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Overwhelmed with penetration testing? Many people are. The tide of penetration testing requirements in the name of PCI DSS, business partner and customer demands, or similar obligations is never-ending. Penetration testing can be so daunting -- given the number of systems and applications combined with the complexity of the network environment -- that many InfoSec pros are merely "going through the motions" to meet compliance requirements or finding ways to skip these tests altogether. But at what cost? As with anything in life, a half-hearted approach to penetration testing is going to get half-hearted results. That's where the trouble with compliance, information risk and the inevitable breaches begins.
But those who struggle with this essential business function can take the approach of many other information security management tasks and automate. InfoSec pros have been able to automate things such as log management, patching and source code analysis for years. By adding some automation to penetration testing, it is possible to minimize the resources required while maintaining the integrity of the penetration testing process. It's important, though, to take a measured approach.
Taking a measured approach to automation
First, honestly define what "penetration testing" means in context by identifying what you're trying to accomplish. Some people see it as running simple vulnerability scans to appease an auditor. Others try to prove they can find a single flaw to exploit. I prefer a broader vulnerability assessment, where everything with an IP address or URL is fair game for attack.
Begin with the most critical systems. Eventually pros need to consider the network, because external hackers and malicious employees know no boundaries. Test every aspect of your system vulnerable to attack, regardless of what you call it. Otherwise, this security program is being set up for failure.
The approach is especially important in the context of "automated" penetration testing. Why? Because you can't automate every test of every system and application with current tools. For instance, most functions that find weak passwords on network hosts can be automated, but not the processes associated with going beyond the login prompt to browse the network, manipulate files and so on. Typically called authenticated vulnerability scans, these types of tests could be scripted, eventually, but it's not true automation.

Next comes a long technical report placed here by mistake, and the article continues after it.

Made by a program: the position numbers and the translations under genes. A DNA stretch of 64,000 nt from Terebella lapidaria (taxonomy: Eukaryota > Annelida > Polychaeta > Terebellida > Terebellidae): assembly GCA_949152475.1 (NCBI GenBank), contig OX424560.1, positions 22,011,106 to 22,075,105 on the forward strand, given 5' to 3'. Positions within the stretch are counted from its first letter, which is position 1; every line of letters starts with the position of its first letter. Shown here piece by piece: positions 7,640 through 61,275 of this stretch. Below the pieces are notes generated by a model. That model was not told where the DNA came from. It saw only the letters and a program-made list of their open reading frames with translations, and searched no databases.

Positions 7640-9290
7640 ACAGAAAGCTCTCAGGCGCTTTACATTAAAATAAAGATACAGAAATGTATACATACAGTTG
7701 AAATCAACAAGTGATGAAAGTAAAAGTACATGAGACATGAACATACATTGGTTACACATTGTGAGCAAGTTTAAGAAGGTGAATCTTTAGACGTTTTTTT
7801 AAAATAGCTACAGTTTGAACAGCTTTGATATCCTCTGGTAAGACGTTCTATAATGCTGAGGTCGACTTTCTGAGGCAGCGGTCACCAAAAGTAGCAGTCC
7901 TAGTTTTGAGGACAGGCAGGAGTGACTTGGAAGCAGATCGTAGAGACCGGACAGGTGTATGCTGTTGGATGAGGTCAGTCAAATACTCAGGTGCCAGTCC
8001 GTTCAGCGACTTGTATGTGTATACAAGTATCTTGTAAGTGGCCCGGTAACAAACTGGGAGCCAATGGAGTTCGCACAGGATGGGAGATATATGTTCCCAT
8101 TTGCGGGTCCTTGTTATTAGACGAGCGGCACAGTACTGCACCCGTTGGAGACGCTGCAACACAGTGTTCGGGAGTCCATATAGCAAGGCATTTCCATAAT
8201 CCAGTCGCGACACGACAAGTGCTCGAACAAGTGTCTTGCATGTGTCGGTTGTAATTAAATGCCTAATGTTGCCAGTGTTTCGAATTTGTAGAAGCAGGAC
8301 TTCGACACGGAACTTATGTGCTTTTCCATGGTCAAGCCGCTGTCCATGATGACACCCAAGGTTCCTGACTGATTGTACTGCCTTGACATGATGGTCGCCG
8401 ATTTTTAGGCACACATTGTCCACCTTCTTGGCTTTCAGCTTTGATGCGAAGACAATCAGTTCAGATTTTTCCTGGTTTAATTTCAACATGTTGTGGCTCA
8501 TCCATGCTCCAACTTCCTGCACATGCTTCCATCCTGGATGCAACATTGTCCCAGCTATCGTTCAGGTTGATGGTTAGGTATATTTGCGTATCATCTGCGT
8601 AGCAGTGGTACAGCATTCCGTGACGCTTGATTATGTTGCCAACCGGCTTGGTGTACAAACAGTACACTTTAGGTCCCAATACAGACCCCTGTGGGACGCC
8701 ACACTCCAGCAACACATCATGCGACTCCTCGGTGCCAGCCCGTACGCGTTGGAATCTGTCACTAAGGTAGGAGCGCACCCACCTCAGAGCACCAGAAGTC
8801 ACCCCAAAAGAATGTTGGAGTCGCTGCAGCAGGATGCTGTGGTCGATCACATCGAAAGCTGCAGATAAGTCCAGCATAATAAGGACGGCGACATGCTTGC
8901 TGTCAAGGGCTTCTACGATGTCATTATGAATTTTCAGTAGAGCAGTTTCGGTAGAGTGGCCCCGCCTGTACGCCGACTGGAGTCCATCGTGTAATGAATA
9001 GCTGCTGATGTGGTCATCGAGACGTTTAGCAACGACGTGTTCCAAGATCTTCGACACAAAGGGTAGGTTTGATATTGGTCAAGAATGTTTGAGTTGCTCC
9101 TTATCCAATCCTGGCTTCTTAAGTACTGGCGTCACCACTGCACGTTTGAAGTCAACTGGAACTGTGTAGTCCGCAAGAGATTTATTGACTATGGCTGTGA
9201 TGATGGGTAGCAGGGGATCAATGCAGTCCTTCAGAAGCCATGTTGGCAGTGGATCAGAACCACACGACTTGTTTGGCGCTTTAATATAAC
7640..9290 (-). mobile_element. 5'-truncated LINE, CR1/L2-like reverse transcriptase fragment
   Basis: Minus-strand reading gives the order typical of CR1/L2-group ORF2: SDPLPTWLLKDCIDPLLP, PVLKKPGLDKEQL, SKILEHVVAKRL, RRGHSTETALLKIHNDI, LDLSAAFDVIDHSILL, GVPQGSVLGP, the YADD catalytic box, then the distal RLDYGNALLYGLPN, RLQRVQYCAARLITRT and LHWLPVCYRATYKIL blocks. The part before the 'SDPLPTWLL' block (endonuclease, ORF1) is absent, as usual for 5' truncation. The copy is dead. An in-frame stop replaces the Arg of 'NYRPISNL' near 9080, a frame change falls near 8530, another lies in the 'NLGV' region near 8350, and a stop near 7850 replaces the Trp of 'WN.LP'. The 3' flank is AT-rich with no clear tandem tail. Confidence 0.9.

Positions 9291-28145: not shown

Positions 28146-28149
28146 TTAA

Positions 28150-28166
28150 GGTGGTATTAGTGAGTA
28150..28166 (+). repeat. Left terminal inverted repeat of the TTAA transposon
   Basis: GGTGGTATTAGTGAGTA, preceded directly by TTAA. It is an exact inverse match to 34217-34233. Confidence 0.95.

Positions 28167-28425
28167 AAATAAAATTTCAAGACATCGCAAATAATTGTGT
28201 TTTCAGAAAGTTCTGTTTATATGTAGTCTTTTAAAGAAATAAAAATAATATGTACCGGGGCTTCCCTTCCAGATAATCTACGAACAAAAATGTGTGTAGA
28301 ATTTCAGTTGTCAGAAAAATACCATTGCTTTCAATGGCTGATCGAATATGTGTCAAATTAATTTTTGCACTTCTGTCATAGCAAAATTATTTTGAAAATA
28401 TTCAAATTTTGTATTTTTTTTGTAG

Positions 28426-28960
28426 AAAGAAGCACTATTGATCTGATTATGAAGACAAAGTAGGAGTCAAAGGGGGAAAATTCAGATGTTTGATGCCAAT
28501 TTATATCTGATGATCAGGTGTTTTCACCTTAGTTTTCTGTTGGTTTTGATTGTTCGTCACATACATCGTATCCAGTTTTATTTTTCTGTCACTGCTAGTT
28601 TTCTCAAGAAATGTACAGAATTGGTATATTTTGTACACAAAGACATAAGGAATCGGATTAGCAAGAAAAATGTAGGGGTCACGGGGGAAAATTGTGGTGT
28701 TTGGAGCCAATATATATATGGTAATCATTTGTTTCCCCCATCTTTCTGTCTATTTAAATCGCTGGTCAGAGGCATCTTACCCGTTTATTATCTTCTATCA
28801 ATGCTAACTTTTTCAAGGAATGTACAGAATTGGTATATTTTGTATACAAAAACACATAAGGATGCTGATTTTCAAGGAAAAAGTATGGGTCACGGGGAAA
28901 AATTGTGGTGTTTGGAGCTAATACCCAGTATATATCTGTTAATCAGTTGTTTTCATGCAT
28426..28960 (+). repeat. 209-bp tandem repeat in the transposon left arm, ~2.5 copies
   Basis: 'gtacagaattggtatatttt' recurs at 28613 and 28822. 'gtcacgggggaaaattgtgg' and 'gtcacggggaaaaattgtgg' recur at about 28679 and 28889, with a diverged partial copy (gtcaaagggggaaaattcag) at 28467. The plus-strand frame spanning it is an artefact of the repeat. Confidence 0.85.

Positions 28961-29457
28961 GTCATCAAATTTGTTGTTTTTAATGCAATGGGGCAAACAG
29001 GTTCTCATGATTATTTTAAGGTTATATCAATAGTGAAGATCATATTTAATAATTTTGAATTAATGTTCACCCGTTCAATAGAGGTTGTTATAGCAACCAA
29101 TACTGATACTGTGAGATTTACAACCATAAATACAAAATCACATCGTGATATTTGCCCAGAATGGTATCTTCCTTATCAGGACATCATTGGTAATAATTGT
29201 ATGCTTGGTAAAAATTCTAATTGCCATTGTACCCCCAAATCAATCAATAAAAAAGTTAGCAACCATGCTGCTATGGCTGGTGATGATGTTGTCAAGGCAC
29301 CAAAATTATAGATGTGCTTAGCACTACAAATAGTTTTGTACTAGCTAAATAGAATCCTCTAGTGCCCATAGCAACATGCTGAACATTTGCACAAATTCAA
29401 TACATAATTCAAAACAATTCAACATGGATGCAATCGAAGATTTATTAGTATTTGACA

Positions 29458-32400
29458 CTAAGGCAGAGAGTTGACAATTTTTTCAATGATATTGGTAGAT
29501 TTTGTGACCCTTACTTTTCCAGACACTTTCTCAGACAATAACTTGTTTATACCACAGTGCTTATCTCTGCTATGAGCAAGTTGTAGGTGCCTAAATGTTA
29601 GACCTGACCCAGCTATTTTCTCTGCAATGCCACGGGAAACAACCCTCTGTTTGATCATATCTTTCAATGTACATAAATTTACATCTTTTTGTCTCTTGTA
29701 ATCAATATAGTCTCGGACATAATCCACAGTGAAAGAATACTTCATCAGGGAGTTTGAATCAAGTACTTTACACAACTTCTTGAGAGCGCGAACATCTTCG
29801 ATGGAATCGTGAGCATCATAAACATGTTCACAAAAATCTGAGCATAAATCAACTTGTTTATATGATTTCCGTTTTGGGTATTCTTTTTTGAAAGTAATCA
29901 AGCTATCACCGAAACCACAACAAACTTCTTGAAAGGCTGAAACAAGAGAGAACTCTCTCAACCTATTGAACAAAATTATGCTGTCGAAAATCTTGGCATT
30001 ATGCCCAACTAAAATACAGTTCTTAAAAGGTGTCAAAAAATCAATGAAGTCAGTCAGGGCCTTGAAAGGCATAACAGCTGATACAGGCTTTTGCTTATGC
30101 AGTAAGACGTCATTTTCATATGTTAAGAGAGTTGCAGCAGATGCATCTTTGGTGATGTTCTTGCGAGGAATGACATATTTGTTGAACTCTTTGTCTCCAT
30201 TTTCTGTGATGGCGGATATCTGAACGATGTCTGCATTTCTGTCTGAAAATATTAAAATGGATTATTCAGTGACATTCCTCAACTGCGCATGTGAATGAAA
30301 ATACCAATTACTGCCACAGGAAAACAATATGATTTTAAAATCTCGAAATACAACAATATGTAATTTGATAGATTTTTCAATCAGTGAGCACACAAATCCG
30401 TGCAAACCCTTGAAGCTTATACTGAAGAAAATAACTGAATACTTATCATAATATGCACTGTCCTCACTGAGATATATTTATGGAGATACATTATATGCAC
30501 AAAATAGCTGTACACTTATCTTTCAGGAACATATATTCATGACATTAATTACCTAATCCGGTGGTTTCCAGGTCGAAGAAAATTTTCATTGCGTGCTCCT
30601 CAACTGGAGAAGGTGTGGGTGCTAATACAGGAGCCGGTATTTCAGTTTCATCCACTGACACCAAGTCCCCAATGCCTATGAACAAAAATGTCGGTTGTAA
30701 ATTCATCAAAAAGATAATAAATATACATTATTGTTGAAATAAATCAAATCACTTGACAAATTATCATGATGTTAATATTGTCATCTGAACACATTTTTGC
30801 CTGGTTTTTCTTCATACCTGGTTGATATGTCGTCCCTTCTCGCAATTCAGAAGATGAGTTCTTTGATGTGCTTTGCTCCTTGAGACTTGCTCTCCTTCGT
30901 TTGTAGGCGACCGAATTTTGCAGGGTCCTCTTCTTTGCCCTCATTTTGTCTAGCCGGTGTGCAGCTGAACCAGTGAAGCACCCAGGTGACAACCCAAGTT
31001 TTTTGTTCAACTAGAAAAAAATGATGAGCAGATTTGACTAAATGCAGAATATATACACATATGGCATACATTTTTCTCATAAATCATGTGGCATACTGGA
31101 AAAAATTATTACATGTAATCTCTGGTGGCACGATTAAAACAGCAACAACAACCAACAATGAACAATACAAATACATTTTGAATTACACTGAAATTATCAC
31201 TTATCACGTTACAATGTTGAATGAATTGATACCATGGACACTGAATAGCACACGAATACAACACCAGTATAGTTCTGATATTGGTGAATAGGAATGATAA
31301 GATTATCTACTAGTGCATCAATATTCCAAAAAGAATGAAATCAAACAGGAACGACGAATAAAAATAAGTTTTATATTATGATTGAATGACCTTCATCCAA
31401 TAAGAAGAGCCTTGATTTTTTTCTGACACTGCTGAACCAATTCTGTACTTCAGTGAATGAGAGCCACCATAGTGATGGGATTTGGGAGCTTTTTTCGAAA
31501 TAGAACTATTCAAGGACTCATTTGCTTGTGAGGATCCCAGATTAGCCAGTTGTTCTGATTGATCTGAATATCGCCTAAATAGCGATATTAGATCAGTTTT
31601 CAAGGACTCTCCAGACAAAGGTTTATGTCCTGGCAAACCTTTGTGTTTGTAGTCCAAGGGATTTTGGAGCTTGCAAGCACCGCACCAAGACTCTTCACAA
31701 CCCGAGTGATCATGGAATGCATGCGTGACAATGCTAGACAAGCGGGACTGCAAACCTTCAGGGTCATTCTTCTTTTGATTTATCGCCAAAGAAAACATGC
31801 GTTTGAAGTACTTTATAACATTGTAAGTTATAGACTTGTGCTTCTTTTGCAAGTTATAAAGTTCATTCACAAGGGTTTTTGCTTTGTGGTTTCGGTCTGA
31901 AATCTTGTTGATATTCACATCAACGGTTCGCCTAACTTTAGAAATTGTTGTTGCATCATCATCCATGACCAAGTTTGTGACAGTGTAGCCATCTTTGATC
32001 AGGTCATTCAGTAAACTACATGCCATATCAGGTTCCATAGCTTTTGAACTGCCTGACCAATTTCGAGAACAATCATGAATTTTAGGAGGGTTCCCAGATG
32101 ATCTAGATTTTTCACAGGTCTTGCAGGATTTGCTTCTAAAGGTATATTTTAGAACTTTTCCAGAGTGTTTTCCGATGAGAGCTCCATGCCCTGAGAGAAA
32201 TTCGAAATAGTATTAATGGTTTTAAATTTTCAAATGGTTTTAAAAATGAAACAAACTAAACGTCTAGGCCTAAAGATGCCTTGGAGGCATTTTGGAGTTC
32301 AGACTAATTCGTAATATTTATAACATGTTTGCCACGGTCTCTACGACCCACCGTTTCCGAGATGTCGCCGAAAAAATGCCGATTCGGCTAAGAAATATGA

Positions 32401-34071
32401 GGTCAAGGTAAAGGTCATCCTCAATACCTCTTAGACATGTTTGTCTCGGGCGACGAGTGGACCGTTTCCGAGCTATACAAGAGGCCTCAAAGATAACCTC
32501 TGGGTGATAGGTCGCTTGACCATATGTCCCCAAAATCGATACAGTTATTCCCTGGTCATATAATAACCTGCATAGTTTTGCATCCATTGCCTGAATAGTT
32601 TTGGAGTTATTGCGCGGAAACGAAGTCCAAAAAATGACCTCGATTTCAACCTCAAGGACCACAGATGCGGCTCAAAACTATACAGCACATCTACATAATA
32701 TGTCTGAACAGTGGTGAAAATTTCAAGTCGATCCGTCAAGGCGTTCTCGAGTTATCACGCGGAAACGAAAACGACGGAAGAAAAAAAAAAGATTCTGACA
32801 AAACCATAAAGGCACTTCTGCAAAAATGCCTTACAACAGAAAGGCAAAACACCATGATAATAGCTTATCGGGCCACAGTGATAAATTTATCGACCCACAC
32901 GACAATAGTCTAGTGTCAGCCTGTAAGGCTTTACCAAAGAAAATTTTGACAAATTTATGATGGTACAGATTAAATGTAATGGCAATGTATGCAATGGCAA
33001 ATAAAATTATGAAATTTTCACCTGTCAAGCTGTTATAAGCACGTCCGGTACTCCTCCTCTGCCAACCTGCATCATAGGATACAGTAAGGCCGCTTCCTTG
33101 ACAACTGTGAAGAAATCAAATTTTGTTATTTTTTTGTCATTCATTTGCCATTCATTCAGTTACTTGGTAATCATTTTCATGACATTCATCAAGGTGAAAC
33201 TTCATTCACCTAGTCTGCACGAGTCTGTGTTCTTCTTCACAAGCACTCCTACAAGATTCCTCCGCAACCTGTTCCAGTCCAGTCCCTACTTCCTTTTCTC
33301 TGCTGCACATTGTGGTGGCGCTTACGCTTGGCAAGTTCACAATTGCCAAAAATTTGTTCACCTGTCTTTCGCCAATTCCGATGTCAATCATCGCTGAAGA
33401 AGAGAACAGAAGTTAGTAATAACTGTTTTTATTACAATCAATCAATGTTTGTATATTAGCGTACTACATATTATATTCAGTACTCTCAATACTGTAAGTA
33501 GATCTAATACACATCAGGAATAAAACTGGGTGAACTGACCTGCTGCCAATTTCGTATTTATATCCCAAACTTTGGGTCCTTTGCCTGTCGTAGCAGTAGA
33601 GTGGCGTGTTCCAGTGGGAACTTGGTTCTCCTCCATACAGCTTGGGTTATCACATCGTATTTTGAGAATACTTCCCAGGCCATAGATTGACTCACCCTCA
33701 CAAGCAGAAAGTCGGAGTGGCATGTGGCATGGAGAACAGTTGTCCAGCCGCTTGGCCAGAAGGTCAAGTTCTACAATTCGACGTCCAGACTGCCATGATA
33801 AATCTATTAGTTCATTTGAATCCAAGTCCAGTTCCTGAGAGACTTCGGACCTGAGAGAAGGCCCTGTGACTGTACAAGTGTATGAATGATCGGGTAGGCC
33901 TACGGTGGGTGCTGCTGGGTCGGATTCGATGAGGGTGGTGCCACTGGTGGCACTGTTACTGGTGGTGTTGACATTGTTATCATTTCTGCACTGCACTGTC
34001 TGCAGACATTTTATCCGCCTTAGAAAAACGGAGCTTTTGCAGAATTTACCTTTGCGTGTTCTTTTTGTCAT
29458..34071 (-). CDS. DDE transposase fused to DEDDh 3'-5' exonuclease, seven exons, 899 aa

The same goes for uncovering and exploiting flaws in Web application login mechanisms, user session management and SQL injection. Again, individual functions -- such as finding SQL injection and extracting data from the database -- can be automated, but the entire process can't be made click-and-go. Human interaction and expertise are needed to know where to target the exploitation and how to get the best results.
Tools are only aids
The desire for automation led to a number of new features in popular vulnerability scanners, such as Acunetix Web Vulnerability Scanner (which is adept at cracking passwords in Web applications) and Metasploit Pro (which can be used for obtaining command prompts and setting up backdoors).
But even these tools don't fully automate the processes. With Metasploit Pro, for example, IT must first run a vulnerability scanner such as Nexpose or Nessus to identify vulnerabilities. The user interface of Metasploit Pro and commercial vulnerability scanning tools are straightforward, but not every tool for penetration testing is, which is a problem for those who lack technical training.
The great thing about penetration testing today is the wealth of security testing tools available that allow pen testers to crack passwords in unencrypted laptops or on wireless networks in minutes or launch an email phishing campaign painlessly. Network shares and access to unsecured PII can be enumerated very quickly. But nothing's click-and-go. Like radiologists and home inspectors, pen testers may employ sophisticated tools, but the discovery, the enumeration and reporting of findings can't be fully automated, and I suspect it'll remain that way.
An in-depth security review requires more than merely entering an IP address or URL and clicking Go. Certainly processes and workflows can be tweaked to be more efficient but creativity and good old-fashioned hands-on expertise will determine the outcome. In the end, regardless of how many "exploits" the penetration testing uncovers, IT pros will still need to determine what's a true security risk and what is not.
About the author:
Kevin Beaver is an information security consultant, writer, professional, speaker, and expert witness with Atlanta-based Principle Logic LLC. With over 25 years of experience in the industry, Kevin specializes in performing independent security vulnerability assessments of network systems as well as Web and mobile applications. He has authored/co-authored 11 books on information security including the best-selling Hacking For Dummies and The Practical Guide to HIPAA Privacy and Security Compliance. In addition, he's the creator of the Security On Wheels information security audio books and blog providing security learning for IT professionals on the go. You can reach Kevin through his website www.principlelogic.com and follow him on Twitter at @kevinbeaver.
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